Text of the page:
The panikhida was held in the evening. Several people from my husband’s church came and stood with us near the Crucifixion icon and we all held candles for prayers and hymns and “Memory Eternal.” Then I scooped out portions of the koliva into little Dixie cups for people to eat together in honor of my dear husband. As it is spooned up everything gets mixed together and sweetened by the powdered sugar, and one tries to give everyone a bit oP1130350f chocolate or a candy. The koliva recipe was judged to be excellent.

That morning of the 40th day I drove to the cemetery to see the grave marker that had been put in place, and to bring some flowers. There were barely enough nice blooms left on our snowball bush to make a cross on my husband’s grave, so I added some calla lilies and roses, and I sat for a while on the grass there. On the way over in the car I had listened to jazz on the radio, to feel him close to me, but at his grave I sang, “Christ is risen from the dead, trampling down death by death, and upon those in the tombs bestowing life.”P1130330

17 thoughts on “40 Days

  1. That’s lovely. It took a long time for me to be able to see the almonds as convex instead of concave. At first I thought they were indentations in the sugar, and even after I read what they were, I couldn’t see it.


    Liked by 1 person

  2. Gretchen, your latest post — your descriptions of the koliva and panikhida and of your day and visit to the grave — is so moving. I hope it was all as soothing as you made it sound and look. Much love to you. I will keep thinking of you and your flowers and your cooking while I am out in the garden on this gorgeous day.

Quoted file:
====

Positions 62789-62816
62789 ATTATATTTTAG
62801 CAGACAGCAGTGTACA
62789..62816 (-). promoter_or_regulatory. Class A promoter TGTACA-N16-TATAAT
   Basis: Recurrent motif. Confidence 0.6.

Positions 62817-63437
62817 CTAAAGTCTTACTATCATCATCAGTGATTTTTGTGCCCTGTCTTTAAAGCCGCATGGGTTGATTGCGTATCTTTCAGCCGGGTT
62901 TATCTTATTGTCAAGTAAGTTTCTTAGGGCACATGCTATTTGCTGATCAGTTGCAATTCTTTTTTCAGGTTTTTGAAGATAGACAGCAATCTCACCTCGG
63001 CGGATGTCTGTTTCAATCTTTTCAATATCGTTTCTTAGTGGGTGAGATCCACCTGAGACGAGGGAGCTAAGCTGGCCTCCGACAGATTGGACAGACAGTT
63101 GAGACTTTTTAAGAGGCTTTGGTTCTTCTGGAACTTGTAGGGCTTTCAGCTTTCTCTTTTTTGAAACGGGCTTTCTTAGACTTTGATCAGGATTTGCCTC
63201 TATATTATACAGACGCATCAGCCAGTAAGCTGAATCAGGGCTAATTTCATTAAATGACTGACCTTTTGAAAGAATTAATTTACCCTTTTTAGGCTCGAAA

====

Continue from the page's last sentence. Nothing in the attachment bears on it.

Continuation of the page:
XXOO N.

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  3. Christ is Risen! I had just been thinking of you and hoping you would post something again soon. Well done, you made a most beautiful kolivo! I am so glad you were able to do this. We are still praying for you here and send you our love and I send a big HUG….

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  4. What beautiful traditions.

    I heard a song the other day, one of our favorites. I was reminded that you and your husband liked it too….”Just the way I am” by Ingrid Michaelson.

    Liked by 1 person

  5. This is a beautiful post and I appreciate how not only are you sharing your life but you are giving some of us (me) and education on your faith which I don’t know much about. And even though you have very different traditions I love they way they illustrate the deeper truths that they point to and I am grateful that we share a common bond and are sisters in Christ. You remain in my prayers. And you made me giggle with your shooting almond. 🙂 Oh…and I think next time I visit a grave I will make a cross with flowers. (Most likely it will be my father’s grave not far from here.)

    Liked by 1 person

  6. I was reading in a devotional, today being Ascension Day, about the glorious truth of Jesus and His death and resurrection defeating Satan ; “…that He might destroy through death, him that had the power of death…”
    May His peace rule in your heart today.

    Liked by 1 person

  7. What an interesting recipe! Thanks for including the photos too. I read the recipe to Adam, who likes to make boiled wheat, but has difficulty finding ways to get us to eat it. So he may use some of your ingredients and methods 🙂 Sounds like a lovely, healing service.

    Liked by 1 person